Our testimony to death

Doha Hasan,
Al-Jumhurya.

Somewhere, there are scattered corpses along a road that looks completely destroyed, with blood around orange bags holding still bodies. You see destroyed buildings that have chaotically hurled parts of their rubble inside the frame, while keeping their residents under silent ruins.

Aleppo/Al-Jazeera: “The Syrian government forces shelled groups of civilians as they fled their neighborhoods in Eastern Aleppo, killing at least 45 people. Witness accounts confirmed bodies of….”
It is just an image, containing something, a new event; a newsworthy event, but look closely at the image, it resembles an event we have witnessed before, time and time again.

Eastern Ghouta/Al Arabiya: “The death toll of the Deir al-Asafir massacre has risen to 32 civilians, mostly children, following more than 10 air raids carried out by the Syrian air force on two schools and a hospital in Deir al-Asafir near Damascus.”
Today, the audience witnesses images of intense and bloody events, receiving shock after shock, in a very narrow time frame. This sensation could be numbing. The numbness that follow a fifth blow to a certain part of the body, or a fifth slap, or a fifth stitch. This sensation that follows repetitive blows could be a mere defense mechanism developed by the unconsciousness, in a world filled with violence which it cannot control. It is the last weapon of confrontation.

Maha opened one of her eyes and looked at the window next to her bed. It’s still nighttime. She lifted her head with lethargy to look at the clock hanging on her wall. It’s eight in the morning. She quietly moved to put on her clothes, and went into the darkness towards her job in the city, to which she has relocated last year after an arduous journey. Aleppo to Turkey, and then water and land until she reached Sweden.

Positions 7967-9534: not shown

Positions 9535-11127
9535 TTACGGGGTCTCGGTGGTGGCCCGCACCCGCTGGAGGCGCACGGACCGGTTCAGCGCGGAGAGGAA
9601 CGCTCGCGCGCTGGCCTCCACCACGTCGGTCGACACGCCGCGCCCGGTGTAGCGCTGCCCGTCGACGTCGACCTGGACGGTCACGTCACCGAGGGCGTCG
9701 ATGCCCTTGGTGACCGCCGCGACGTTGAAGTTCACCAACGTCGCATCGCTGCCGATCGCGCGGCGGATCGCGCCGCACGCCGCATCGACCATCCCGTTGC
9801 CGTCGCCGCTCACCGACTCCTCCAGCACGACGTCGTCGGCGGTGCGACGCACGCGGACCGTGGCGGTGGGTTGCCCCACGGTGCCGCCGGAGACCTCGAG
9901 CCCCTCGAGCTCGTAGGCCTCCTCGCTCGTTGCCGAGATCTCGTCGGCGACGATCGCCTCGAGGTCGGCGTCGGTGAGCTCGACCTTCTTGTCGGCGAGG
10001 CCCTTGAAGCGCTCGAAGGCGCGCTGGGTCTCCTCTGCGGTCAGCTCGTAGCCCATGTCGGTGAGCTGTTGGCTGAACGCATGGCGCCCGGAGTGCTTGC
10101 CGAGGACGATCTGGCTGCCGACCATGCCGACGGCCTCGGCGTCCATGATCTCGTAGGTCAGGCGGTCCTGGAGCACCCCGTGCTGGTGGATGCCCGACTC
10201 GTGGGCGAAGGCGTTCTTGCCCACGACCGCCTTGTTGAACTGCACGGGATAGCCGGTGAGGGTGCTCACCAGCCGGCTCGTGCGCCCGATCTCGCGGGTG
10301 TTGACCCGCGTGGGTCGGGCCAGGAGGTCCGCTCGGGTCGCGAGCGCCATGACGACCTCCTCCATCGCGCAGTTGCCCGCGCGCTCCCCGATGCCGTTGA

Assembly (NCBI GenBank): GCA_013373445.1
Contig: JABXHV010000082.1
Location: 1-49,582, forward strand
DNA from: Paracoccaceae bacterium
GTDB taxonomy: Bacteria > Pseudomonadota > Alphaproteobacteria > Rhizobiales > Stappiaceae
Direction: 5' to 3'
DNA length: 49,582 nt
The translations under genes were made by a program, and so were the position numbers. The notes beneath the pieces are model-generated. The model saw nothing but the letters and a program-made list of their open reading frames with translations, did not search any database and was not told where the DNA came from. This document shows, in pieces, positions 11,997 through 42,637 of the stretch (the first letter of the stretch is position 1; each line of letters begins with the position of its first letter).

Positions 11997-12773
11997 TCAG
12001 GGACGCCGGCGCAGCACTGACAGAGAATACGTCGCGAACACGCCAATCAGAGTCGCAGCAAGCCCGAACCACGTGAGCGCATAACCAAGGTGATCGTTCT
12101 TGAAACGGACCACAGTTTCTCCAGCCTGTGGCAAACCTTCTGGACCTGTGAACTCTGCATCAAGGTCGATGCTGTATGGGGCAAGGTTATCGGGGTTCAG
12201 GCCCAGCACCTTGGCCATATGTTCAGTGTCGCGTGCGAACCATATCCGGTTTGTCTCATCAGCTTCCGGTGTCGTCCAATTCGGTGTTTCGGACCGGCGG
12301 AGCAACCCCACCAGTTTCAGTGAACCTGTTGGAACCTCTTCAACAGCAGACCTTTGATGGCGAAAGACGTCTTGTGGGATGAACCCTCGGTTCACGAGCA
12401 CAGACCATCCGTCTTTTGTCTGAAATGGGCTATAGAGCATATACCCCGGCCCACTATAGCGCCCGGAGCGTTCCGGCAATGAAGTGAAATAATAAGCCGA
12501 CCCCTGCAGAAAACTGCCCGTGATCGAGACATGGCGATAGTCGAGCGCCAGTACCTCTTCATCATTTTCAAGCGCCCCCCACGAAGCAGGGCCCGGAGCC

On her way, she almost collapsed as her body’s strength betrayed her. She sat on the side of the road, placed her hand on her heart. The heavy beats scared her. She felt anxious, as breathing became impossible. Within a few seconds, she fell to the ground.

The 20-something-year-old girl works at one of the organizations involved with the Syrian situation, and her main role entails the documentation of images and videos related to the events in her country. She spends more than eight hours a day following, watching, and documenting massacres, casualties and injuries. She places everything under specific columns: names, dates and places. Watching and documentation is a routine process for her: “It’s just routine work, I don’t feel anything, I got used to watching…,” or so she says.

Routine is a safety net, as Maha calls it. She leaves the office, meets some friends from different nationalities. They talk about simple mundane things. She then goes to her house, located in one of the quieter neighborhoods, where she watches a film and sleeps. For 360 days she did not change her daily routine, until the moment she fell to the ground.

One could say that the reason behind Maha’s panic attack was stress. It is the clash between the conscious and the unconscious; the conscious embodied by her desire to forget, to cope and continue; and the unconscious filled with her previous and present trauma. It is apparent that panic attacks come from a sense of insecurity; complete loss of control and ignoring the weakness and feigning strength. It is the direct alarm set off by the body when it can no longer ignore.

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